● Where respondents did overwhelmingly agree was that any growth in future individual fundraising revenues would come from very specific areas. Our senior fundraisers anticipate significant gains from bequests/legacies (77% expecting growth) and major donors (81% expecting growth)

● Many of our experts predicted an increase in one-off donations perhaps anticipating that supporters are reluctant to make longer term regular commitments. Is this partly borne out by our response to emergency appeals (for example, Covid Yemen, and Black Lives Matter), and is this changing our giving habits? Only time will tell…

Decline in community and corporate

● Half of respondents predicted a drop in corporate giving, which is very much in line with the trends of the last decade (Corporate giving has been in decline in cash terms in the UK for the last 10+ years)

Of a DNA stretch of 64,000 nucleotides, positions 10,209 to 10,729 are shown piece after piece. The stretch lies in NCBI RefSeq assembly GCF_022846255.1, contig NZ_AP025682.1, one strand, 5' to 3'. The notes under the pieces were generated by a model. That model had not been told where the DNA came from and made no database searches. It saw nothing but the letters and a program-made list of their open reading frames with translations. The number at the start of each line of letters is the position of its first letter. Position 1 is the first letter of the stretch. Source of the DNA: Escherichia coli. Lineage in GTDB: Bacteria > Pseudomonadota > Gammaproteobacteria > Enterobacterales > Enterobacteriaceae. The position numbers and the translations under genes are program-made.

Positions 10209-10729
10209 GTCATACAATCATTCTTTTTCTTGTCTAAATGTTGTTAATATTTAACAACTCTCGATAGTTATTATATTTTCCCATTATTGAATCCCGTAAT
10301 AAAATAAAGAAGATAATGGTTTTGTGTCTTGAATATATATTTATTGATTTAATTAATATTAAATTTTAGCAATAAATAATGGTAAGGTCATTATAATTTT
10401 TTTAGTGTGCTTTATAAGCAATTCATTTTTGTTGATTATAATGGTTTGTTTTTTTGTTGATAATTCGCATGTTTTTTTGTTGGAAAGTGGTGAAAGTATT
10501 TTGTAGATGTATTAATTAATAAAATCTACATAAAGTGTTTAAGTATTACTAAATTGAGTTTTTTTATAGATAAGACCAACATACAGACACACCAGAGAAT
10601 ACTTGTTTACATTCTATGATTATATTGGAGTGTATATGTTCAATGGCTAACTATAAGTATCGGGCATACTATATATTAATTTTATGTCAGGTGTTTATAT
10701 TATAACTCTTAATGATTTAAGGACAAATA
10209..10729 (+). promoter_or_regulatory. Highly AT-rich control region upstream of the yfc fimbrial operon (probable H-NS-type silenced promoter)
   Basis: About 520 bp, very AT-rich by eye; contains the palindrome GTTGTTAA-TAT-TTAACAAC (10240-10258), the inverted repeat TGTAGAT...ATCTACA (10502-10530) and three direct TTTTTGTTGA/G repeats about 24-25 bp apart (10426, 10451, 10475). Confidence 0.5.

● Our experts also predicted a decline in community/event fundraising – although many shared their opinions on the growth of online giving being connected to digital experiences and virtual events. So is this income just disguised under the new banner of ‘digital’?

Foundations provide the foundation

Foundations have done a huge amount in recent months to support the sector, especially in terms of grant flexibility and by dipping into reserves. But this approach is unlikely to be sustainable. 50% thought foundation income would remain then same, with 31% believing it would grow. The balance saw a potential to shrink – though this may depend to stock market values.

Drive acquisition with digital

In terms of investment in specific fundraising acquisition channels:

Nearly all of our senior thinkers thought that their organisations or clients would be spending more on digital. (No one suggested that they would be spending less).

● Other growth areas identified by the survey include DM, DRTV, and a resurgence in telemarketing.

Split views on earned income

Earned income forms a major part of some social service and education-led charities.